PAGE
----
It has affected girls and women differently than men and boys. The vulnerabilities and needs of girls and women have been recognized and addressed to the extent that available funding allows. There has been less attention to the armed dispute' intense impact on adolescent boys and men, which has not allowed for understanding the gendered impact that crisis has on them.
This report seeks to rectify that neglect, providing much needed information on how adolescent boys and men are coping with the economic and psychological strains resulting from the crisis and how their struggles affect girls and women, as well as the society at large.
The analysis also explores how the perceptions, attitudes and modus operandi of humanitarian actors shape the way in which adolescent boys and men’s assistance and protection needs are understood and are addressed. The consequences of neglecting their needs are not just potentially disastrous to them but also puts women and girls at additional risks and affects, indirectly, the security, resilience and cohesion of the broader society.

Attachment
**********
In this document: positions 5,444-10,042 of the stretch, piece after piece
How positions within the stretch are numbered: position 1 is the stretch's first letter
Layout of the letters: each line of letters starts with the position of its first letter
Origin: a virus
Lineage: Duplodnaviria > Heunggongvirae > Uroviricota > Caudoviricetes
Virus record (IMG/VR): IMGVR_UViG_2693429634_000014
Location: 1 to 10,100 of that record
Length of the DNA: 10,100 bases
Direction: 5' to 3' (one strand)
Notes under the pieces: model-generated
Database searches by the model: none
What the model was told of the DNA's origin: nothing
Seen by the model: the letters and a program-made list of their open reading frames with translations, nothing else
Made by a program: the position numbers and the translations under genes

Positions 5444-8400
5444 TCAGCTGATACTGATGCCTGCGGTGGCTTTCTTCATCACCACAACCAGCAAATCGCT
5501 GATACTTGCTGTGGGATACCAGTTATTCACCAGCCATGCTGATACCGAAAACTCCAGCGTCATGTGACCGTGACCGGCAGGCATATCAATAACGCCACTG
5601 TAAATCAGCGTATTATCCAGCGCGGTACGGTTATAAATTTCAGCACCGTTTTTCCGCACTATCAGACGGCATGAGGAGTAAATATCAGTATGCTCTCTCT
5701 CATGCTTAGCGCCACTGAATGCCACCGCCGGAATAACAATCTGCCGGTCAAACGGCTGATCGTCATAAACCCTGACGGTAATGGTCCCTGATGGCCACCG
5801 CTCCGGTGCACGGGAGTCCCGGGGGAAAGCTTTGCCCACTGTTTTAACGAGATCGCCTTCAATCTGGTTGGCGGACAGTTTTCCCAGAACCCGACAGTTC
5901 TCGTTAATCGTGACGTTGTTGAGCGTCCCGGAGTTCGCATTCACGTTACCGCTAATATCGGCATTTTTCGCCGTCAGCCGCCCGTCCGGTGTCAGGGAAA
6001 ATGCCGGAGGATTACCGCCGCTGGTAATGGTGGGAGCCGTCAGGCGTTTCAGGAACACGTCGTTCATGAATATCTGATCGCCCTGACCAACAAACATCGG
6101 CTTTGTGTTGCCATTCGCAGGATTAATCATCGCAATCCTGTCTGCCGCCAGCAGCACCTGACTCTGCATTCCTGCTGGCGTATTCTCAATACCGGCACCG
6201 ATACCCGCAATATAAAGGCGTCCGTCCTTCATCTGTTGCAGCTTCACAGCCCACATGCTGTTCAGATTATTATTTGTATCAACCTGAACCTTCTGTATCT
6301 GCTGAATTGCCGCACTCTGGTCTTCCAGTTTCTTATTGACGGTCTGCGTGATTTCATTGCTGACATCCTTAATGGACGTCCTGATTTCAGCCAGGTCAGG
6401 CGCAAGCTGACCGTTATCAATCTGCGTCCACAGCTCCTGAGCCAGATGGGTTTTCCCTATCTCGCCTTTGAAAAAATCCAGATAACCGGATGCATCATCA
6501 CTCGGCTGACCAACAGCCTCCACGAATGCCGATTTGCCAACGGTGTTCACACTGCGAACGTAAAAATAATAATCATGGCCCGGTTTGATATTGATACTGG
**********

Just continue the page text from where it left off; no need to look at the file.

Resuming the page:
Humanitarian organisations and donors must expand their vision of who the people in need are. They should ground their response on contextual evidence rather than on preconceived ideas of who’s most affected. Understanding how the lives of men, women, girls and boys interact and how their realities affect each other will help develop responses that are truly evidence-based and that are commensurate to the needs of all members of society.